In 1981, Japanese inventor Hideo Kodama created a first-of-its-kind rapid-prototyping device that used UV lights to harden polymers and create three-dimensional forms reports Jennifer Johnson.
Kodama’s technology was never properly commercialised, although the US inventor Chuck Hull used similar principles in a process he called “stereolithography”. He coined the term – meaning a method of creating solid objects by printing layers of the ultraviolet curable material one on top of the other – in his 1984 US patent application. Two years later, the patent was granted and Hull went on to establish 3D Systems, the firm behind the world’s first commercially available 3D printer, the SLA-1 stereolithography printer. The machine uses a laser to cure a liquid photopolymer resin to make an object from a digital file. The automotive industry was among the first to take an interest in the SLA-1, which it used for the rapid prototyping of parts. The machines were also used to make medical models for surgical planning, and have famously been deployed in dentistry, too.
Today’s engineers prize SLA printers for their ability to create detailed, watertight objects – useful when working on problems of air and fluid flow in the car industry.
Additive manufacturing technologies have evolved significantly since Hull’s SLA machines became available. The ISO/ASTM 52900 standard, created in 2015 to standardise terminology in additive manufacturing, identifies seven distinct types of 3D printing process: Material extrusion, vat photopolymerisation, binder jetting, material jetting, powder bed fusion, sheet lamination and directed energy deposition. But knowing which is best suited to a given application isn’t always straightforward.
Joris Laarman’s 3D printed stainless steel bridge in Amsterdam is a 12 metre pedestrian bridge located in the red-light district. The bridge was constructed using robotic printers and was made from 4 500 kilograms of stainless steel
Generally, additive manufacturing is appropriate for products that are geometrically complicated and do not need to be made in large volumes. However, there are a plethora of other factors – including budget, desired appearance and mechanical requirements – that must be considered when selecting a 3D printing process. When most people think of a 3D printer, they’ll picture a fused deposition modelling machine, through which a material is melted and extruded layer on layer until it cools and forms an object. Sometimes called fused filament fabrication, material extrusion is the most popular 3D printing process for hobbyists.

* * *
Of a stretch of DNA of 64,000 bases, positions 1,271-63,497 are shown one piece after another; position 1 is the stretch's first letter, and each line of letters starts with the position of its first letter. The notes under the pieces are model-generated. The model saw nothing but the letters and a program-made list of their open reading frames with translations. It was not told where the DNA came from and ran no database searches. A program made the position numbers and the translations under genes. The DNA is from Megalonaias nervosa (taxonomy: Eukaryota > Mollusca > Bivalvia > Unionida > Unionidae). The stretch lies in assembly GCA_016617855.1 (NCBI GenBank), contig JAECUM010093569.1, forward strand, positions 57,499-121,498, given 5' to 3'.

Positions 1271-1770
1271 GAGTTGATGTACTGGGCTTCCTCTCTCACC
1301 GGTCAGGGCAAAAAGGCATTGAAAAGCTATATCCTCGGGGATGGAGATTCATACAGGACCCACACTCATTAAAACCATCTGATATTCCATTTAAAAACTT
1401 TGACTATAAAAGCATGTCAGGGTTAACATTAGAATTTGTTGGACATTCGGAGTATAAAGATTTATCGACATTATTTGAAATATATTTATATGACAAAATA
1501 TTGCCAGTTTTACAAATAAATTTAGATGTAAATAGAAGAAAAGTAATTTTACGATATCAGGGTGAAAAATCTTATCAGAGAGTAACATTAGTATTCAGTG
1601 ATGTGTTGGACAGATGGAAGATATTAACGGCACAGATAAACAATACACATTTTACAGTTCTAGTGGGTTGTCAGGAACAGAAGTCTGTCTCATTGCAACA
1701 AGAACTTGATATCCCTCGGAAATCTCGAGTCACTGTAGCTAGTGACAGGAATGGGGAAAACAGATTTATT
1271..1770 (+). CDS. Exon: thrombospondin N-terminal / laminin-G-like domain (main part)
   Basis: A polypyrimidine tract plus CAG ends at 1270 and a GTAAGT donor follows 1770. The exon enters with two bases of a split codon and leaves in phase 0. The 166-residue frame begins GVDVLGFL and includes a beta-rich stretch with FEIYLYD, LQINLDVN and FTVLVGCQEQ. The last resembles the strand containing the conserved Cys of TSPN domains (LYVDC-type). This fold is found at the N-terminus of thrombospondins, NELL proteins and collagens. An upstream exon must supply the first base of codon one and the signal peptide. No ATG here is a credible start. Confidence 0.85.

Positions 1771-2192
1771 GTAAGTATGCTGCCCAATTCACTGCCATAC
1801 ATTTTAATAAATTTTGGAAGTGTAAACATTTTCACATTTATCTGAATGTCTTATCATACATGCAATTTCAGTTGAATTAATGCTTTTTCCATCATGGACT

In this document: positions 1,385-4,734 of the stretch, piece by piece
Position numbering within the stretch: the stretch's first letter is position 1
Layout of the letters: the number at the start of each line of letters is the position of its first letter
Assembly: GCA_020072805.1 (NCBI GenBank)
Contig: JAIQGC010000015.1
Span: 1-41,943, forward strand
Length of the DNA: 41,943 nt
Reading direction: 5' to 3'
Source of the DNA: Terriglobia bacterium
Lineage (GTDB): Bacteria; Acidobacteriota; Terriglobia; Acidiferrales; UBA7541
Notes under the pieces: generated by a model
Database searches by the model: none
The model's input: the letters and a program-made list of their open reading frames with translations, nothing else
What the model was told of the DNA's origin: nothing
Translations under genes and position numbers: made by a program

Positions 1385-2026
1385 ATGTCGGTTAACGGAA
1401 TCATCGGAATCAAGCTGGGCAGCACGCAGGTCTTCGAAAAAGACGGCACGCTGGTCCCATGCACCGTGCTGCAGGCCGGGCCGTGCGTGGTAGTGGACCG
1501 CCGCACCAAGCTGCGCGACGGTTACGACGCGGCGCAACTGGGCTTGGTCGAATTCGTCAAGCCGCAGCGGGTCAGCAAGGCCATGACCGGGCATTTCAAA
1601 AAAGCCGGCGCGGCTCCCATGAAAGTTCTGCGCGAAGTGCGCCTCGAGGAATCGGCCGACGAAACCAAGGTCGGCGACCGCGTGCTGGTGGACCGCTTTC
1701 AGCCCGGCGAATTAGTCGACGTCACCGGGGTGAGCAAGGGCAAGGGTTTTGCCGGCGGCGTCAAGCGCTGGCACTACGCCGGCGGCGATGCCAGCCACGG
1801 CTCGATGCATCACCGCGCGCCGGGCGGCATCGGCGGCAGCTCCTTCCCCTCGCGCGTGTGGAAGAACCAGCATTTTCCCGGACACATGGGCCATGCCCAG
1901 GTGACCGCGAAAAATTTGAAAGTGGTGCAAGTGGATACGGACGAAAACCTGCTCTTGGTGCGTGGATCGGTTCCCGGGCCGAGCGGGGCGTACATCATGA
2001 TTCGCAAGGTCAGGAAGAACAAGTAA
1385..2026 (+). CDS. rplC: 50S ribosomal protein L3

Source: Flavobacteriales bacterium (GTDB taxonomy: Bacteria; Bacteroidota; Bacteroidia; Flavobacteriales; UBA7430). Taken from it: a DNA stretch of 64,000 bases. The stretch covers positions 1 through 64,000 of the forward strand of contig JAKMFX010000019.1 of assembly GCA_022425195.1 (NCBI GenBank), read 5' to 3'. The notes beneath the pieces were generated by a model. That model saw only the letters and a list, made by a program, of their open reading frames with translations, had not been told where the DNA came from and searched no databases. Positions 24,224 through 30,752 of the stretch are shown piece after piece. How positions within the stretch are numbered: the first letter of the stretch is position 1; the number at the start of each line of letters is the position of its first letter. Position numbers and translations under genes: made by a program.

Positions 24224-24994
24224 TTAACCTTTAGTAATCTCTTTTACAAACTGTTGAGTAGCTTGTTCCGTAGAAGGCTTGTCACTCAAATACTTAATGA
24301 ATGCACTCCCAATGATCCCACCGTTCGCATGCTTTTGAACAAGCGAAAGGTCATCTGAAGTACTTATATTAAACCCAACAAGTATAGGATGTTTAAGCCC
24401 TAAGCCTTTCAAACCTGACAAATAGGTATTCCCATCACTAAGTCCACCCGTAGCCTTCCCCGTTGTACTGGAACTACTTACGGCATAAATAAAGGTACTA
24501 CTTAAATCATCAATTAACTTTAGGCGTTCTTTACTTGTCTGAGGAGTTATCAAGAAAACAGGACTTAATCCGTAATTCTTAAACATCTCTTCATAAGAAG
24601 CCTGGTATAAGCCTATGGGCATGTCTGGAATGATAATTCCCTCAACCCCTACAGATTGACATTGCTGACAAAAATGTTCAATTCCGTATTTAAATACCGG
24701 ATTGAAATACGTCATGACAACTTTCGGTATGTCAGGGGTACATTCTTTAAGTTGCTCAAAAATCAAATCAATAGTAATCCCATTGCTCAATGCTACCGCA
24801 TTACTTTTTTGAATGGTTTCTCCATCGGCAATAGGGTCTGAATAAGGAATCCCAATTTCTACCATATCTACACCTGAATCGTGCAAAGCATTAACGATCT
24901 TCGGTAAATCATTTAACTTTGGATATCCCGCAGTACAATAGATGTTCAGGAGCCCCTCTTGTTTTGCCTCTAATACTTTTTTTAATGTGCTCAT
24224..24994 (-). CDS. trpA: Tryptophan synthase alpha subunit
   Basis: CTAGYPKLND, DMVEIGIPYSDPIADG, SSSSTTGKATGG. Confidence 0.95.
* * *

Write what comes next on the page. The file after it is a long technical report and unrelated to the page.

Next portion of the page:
Powder bed fusion
In the world of manufacturing, material extrusion can be used to make non-functional prototypes, as the resulting objects are brittle and not suitable for mechanical parts. Organisations looking for durability may wish to utilise a metal 3D printing method, the most common of which is powder bed fusion. In this process, a thermal energy source is applied to selectively induce fusion between metal powder particles to form an object. GE Aviation used electron beam melting machines – part of the powder bed fusion family – to produce titanium aluminide blades for its GE9X aircraft engine.
Its curving S-shaped form and balustrades with lattice-style perforations were designed using parametric modelling software. Laarman had the idea for the bridge after combining robotic arms with welding machines to create a machine capable of printing furniture. “By adding small amounts of molten metal at a time, we are able to print lines in mid-air,” explained Laarman at the time
Wire arc additive manufacturing (WAAM), a type of direct energy deposition technology, is a less common method of metal 3D printing. It works by melting metal wire with an electric arc. The whole process is controlled by a robotic arm and the object is built upon a substrate material that it can be cut out of once it’s finished.
The world’s first 3D printed steel bridge, installed in Amsterdam over the summer, was created using WAAM. Developers feel that WAAM could have novel future applications in construction.